Considering the public media attention and concern about possible expansion of the North Atlantic Treaty Organization (NATO), it is worth reminding people about NATO’s bloody history in Africa. NATO was founded in 1949 after WWII at a time when African countries were still under the yoke of colonialism. In fact most of the original founders of NATO had been Africa’s principal colonizers such as UK, France, Portugal, Belgium, Italy and the USA as lead NATO organizer and dominant partner. The organization was established as a collective defense against the Soviet Union with the requirement (Article 5) that any attack on . . .
On February 1st, 1985 guards at the Indiana Reformatory (now Pendleton Correctional Facility) sparked a rebellion with the brutal beating of defenseless inmate Lincoln Love aka Comrade Lokmar Abdul-Wadood. In a successful attempt to save his life, a politicized group of prisoners took several hostages including guards and a politician and occupied a cell block in the Indiana State Prison for 15 hours. . . .
It is typically agreed upon in Black/Afrikan colonies throughout so called america that the education/miseducation system is at minimum, a complete disaster when it comes to our Black babies and their wellbeing. Our babies being suspended and expelled from preschools, armed pigs occupying the halls of middle and high schools, the hyper-sexualization of young women through dress code policy, mush and milk passed off as food, and the lack of basic educational resources like textbooks, desks, or even teachers has been well documented, discussed, and deplored. When properly analyzed, one can conclude that these conditions, which plague Black/Afrikan schools across . . .
Yes, the British Empire is indeed one colony smaller as Barbados formally declared itself independent of its colonial rulers after 400 years yesterday in a big ole fancy ceremony attended by all kinds of dignitaries. England’s Prince Charles delivered a message from his mother, Queen Elizabeth, conveying the “warmest good wishes” and said, “from the darkest days of our past and the appalling atrocity of slavery, which, whatever stains out of his study, the people of this island forge their path with extraordinary fortitude.” It’s nice that he mentioned that appalling history of slavery, but it deserves more than a . . .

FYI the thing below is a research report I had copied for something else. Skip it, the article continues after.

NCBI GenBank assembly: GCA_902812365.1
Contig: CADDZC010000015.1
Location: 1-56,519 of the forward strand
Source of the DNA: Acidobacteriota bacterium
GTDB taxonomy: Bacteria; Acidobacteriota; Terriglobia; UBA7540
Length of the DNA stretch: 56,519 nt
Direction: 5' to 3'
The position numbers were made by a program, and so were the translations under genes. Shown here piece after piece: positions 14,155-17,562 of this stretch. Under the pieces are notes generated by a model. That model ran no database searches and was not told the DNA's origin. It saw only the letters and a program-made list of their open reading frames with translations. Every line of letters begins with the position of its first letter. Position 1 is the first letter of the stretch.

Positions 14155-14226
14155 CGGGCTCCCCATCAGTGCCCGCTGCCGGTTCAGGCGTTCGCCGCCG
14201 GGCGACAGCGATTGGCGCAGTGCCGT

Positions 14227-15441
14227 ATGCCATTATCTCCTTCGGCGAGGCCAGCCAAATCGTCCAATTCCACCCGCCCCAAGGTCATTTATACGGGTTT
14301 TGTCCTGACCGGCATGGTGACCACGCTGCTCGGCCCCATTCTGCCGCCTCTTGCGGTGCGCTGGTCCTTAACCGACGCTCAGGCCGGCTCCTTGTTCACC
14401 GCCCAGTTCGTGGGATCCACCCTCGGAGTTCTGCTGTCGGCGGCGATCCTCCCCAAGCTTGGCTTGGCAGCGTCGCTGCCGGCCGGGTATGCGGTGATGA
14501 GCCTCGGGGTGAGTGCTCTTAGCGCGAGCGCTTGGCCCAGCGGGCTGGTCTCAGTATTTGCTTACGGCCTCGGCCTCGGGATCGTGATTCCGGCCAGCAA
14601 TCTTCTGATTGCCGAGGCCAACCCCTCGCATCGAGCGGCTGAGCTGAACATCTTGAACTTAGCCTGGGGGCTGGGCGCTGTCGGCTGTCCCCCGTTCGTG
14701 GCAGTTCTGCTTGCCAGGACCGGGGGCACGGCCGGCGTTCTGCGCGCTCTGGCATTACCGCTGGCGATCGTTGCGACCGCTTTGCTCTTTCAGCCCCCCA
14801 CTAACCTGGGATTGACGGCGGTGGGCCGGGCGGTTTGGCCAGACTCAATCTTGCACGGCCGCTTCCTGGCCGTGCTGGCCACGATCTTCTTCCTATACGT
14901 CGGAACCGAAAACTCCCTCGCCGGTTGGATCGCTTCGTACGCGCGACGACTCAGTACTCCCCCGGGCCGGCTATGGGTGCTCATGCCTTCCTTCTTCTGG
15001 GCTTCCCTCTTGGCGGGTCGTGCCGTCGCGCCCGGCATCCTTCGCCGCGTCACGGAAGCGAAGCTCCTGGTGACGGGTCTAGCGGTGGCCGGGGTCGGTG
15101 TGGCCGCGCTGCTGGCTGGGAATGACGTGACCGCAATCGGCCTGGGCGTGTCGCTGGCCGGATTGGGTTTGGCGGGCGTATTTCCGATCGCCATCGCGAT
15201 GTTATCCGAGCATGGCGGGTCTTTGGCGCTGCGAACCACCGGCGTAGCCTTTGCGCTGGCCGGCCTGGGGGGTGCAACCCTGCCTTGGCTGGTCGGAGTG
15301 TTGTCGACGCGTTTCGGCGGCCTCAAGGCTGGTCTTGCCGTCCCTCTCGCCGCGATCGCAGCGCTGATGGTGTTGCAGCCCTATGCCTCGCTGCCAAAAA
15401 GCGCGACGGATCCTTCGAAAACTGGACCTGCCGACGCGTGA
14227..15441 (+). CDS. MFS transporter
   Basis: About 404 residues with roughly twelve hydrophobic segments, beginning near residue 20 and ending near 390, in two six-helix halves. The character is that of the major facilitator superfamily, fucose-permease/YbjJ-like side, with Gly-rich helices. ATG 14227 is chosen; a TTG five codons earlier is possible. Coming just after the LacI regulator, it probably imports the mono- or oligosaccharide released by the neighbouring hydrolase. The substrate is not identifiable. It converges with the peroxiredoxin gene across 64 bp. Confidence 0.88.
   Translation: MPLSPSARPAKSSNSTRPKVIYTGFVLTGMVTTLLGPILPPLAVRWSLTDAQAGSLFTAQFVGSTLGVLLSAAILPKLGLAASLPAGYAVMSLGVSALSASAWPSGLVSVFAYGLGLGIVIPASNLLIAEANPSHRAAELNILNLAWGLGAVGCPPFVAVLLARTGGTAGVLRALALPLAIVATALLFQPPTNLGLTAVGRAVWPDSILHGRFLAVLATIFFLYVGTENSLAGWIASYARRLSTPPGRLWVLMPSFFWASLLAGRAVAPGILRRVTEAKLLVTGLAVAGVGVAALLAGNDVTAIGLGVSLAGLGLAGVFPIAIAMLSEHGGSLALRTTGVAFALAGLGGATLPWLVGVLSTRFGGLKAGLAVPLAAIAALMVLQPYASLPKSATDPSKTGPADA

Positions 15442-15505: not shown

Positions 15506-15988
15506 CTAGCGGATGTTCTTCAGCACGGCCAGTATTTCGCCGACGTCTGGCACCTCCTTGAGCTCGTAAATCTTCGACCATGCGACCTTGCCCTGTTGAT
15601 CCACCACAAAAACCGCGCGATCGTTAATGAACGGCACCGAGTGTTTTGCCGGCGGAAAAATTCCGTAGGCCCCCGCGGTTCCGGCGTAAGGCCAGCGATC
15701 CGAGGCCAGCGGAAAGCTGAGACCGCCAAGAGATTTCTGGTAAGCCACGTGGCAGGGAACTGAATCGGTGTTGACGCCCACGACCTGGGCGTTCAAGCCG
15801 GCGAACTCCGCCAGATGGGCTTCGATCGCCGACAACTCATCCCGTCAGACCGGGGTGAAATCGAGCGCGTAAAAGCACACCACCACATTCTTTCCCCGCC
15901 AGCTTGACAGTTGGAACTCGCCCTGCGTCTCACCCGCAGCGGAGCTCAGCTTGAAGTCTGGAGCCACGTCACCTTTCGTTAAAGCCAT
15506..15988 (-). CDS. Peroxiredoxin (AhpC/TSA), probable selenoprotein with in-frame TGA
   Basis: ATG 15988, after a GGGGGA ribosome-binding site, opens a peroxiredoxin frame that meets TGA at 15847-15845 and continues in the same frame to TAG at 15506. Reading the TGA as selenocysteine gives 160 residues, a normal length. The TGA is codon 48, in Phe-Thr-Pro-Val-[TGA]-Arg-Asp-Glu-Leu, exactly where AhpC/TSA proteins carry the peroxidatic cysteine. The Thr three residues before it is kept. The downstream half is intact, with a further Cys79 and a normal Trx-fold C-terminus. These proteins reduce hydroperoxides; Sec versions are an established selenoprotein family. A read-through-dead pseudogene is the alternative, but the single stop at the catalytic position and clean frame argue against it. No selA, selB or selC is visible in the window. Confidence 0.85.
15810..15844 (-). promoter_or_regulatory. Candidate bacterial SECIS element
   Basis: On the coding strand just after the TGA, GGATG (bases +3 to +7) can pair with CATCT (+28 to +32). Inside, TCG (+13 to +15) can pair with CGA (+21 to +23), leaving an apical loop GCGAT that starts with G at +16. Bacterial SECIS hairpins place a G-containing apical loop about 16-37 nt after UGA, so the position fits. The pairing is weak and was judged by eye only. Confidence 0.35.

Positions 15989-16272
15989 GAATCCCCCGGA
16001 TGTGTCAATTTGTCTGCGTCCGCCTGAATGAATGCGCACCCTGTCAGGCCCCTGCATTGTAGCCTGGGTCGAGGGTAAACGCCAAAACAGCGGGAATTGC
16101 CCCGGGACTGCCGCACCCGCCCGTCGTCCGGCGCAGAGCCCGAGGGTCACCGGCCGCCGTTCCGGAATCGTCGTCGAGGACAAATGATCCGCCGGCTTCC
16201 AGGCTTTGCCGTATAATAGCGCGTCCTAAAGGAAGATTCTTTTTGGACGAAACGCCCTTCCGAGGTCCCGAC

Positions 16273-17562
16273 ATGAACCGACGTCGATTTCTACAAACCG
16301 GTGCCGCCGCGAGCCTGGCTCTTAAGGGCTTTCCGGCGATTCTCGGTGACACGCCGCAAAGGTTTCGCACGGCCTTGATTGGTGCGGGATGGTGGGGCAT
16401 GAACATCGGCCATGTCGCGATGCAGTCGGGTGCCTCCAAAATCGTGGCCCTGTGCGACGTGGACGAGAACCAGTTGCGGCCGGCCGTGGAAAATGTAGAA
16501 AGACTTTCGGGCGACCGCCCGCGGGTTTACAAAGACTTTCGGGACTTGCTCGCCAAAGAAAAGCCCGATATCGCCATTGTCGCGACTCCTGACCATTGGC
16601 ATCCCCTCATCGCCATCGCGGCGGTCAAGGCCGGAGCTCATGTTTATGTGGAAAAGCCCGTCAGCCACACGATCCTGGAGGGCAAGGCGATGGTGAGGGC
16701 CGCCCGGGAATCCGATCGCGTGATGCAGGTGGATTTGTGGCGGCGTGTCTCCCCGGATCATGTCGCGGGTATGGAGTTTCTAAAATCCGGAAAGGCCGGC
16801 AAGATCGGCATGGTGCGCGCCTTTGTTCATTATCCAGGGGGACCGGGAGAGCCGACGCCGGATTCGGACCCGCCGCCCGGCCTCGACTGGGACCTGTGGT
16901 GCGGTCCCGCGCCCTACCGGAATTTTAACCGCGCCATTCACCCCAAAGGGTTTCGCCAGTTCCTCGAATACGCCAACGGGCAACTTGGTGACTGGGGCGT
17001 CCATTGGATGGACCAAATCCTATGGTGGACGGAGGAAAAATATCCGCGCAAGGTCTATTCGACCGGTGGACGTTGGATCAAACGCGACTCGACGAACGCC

The key to oppressing a people is to break their spirit. And, the way to break a people’s spirit is to destroy their connection to their culture. A significant piece of white supremacy is to deny the Indigenous story. Doing so diminishes them just as denying slavery is a clear attack against the dignity of African people. The more we do to challenge this attack against oppressed people in every form we can, the more we weaken imperialism’s ability to control the thinking of the masses of people.cu . . .
Racist narratives under capitalism considers African people as commodities for profit, whilst creating conditions that assimilate them to their white or Non-Black People of Color (NBPOC) counterparts. Whiteness is treated as the standard, with employers who hold similar views policing Black bodies into what they deem acceptable. Under the guise of professionalism, features associated with Blackness—attire, mannerisms, vernacular, and general appearance—are viewed as unfit for an occupational setting and are deeply rooted in anti-Black sentiments. The process of upholding such standards requires focus on features that are prevalent in the African diaspora. Employers and recruitment personnel look at hair, dress . . .
Africans across the globe have been impacted by the structures created to maintain a racist hierarchy established during slavery. In order to ensure that the systems that created Black oppression are dismantled, reparations movements must develop an internationalist orientation. . . .
African Americans won’t turn the tide by going on a shopping spree, or leaving it to whites to decide what we can and cannot teach our children, where we work, and for how much, whether we are free or imprisoned, or whether we live or die. We need power over our own communities just as the white working class needs it over theirs. . . .